Can I Have Two 401(k) Accounts?

by Mark Kennan, studioD

The Internal Revenue Service allows for-profit employers to open an account and make contributions on your behalf. If you have the option to contribute to multiple 401(k) plans, or if you have the option to open a second account, knowing the limits, benefits and drawbacks can help you keep your retirement plan on track.

401(k) Accounts

You can have multiple 401(k) plans if you have, or have had, multiple employers that offer 401(k) plans. For example, if you work two jobs that offer 401(k) plans to their employees, you are entitled to maintain both accounts. Alternatively, if you used to work for a company that you started a 401(k) plan with, you would not need to close your old 401(k) plan before you could start another 401(k) plan with your new employer.

Cumulative Limits

Just because you have two 401(k) plans does not mean that can contribute twice as much -- the limits for contributions apply to all 401(k) plans you have. However, assuming the employer matches do not exceed the annual limits, you can benefit by splitting your contribution between the two plans so that you can take advantage of the full employer match. For example, if one company will match $5,000, and the other matches $3,000, splitting your contribution allows you to effectively double your contribution.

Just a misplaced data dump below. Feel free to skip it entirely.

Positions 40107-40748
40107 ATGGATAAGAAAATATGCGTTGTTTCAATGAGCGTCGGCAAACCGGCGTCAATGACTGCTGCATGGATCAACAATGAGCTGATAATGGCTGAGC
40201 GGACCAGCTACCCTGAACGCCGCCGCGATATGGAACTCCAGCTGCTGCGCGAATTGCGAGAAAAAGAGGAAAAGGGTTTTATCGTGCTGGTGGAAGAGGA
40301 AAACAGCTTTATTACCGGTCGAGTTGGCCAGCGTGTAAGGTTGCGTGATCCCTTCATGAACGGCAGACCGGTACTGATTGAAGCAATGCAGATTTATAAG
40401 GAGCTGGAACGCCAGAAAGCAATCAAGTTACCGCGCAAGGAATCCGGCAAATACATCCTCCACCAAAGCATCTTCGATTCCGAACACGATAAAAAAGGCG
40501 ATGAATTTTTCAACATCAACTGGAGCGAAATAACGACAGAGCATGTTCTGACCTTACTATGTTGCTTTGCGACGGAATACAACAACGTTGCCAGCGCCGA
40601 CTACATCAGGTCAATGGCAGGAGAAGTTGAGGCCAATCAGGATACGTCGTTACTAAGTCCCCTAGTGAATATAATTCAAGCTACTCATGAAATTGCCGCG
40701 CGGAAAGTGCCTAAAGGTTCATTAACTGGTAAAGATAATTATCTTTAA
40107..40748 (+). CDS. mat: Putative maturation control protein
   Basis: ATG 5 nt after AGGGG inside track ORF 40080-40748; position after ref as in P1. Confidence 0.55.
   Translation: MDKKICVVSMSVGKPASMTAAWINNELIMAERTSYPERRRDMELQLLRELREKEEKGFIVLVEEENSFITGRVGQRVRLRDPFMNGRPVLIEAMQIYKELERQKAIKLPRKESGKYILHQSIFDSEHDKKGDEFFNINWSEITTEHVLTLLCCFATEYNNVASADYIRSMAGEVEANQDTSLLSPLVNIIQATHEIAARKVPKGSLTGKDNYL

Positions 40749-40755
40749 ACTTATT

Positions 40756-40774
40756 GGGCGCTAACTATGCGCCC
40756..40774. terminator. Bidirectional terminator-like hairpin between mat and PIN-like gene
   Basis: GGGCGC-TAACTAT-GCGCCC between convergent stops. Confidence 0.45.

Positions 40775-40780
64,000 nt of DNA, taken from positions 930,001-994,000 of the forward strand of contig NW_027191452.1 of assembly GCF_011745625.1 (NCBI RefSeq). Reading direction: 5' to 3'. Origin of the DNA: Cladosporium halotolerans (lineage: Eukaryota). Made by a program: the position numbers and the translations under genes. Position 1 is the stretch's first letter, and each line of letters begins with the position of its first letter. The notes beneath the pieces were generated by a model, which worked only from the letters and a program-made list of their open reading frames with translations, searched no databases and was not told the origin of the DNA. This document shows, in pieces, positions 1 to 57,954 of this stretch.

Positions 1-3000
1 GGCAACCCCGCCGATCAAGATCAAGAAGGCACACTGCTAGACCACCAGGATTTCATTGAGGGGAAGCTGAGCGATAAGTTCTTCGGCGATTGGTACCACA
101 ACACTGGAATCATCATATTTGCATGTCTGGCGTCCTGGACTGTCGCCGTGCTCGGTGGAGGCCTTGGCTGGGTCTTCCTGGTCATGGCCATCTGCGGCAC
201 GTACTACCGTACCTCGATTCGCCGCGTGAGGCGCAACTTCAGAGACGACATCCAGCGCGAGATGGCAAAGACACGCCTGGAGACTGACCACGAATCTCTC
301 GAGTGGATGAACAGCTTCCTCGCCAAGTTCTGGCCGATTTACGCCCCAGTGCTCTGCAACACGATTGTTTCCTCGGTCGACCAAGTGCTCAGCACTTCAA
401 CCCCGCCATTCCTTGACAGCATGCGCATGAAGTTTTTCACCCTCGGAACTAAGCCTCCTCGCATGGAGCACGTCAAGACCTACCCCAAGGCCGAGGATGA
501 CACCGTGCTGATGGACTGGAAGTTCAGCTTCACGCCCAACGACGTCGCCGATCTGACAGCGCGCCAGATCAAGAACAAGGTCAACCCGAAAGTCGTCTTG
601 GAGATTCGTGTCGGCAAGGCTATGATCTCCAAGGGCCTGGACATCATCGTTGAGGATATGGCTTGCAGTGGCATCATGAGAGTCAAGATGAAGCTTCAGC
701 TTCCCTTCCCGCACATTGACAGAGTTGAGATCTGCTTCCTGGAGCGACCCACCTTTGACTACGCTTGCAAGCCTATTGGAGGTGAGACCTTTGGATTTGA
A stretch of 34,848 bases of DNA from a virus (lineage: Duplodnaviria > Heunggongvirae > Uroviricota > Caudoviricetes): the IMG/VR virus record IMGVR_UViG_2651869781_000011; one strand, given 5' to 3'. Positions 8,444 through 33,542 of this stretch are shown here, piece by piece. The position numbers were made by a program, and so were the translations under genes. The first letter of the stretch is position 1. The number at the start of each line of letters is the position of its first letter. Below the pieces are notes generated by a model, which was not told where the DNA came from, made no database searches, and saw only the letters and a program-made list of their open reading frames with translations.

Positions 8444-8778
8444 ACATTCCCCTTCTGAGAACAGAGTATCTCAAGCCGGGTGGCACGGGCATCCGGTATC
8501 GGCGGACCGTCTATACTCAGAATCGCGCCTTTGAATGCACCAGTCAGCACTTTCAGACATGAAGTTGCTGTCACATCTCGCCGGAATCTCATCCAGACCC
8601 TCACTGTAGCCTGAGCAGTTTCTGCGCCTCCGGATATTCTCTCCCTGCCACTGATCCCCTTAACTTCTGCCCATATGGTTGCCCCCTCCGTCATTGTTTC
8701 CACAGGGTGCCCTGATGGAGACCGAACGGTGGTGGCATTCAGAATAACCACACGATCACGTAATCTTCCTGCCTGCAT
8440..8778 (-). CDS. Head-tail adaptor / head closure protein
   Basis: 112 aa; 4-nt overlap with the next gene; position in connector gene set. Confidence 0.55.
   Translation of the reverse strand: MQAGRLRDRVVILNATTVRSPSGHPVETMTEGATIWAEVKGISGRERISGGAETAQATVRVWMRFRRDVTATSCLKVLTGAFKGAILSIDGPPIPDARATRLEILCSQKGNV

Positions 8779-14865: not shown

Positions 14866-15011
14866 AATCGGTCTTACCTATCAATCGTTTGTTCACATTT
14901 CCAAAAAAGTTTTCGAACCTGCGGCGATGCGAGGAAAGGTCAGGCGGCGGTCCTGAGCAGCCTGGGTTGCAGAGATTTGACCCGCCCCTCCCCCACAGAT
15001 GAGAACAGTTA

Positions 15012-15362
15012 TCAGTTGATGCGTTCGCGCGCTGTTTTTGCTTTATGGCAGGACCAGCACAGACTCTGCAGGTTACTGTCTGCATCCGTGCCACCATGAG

Keeping Your Old 401(k)

One of the times that you can take distributions from your 401(k) plan is after you leave your job. While you cannot continue to make contributions to a 401(k) plan with a company for which you no longer work, you do have the flexibility to take money out. However, if you are not at least 59 1/2 years of age, you will have to pay a 10 percent early withdrawal penalty. If you consolidate the money into your new 401(k) plan, you can only take distributions if your plan allows for financial hardships, and you meet the requirements, which vary from plan to plan.

Benefits of Consolidation

If you still have an old 401(k) plan or plans from previous jobs, you can benefit from consolidating them into your new 401(k) plan. By having just one 401(k) plan, you can limit the amount of paperwork you have to deal with, and make it easier to manage your accounts. In addition, if you have a larger account, you can avoid certain fees or have a more experienced broker deal with your account. Finally, consolidating your accounts will make it easier for your heirs after you die.

About the Author

Mark Kennan is a writer based in the Kansas City area, specializing in personal finance and business topics. He has been writing since 2009 and has been published by "Quicken," "TurboTax," and "The Motley Fool."

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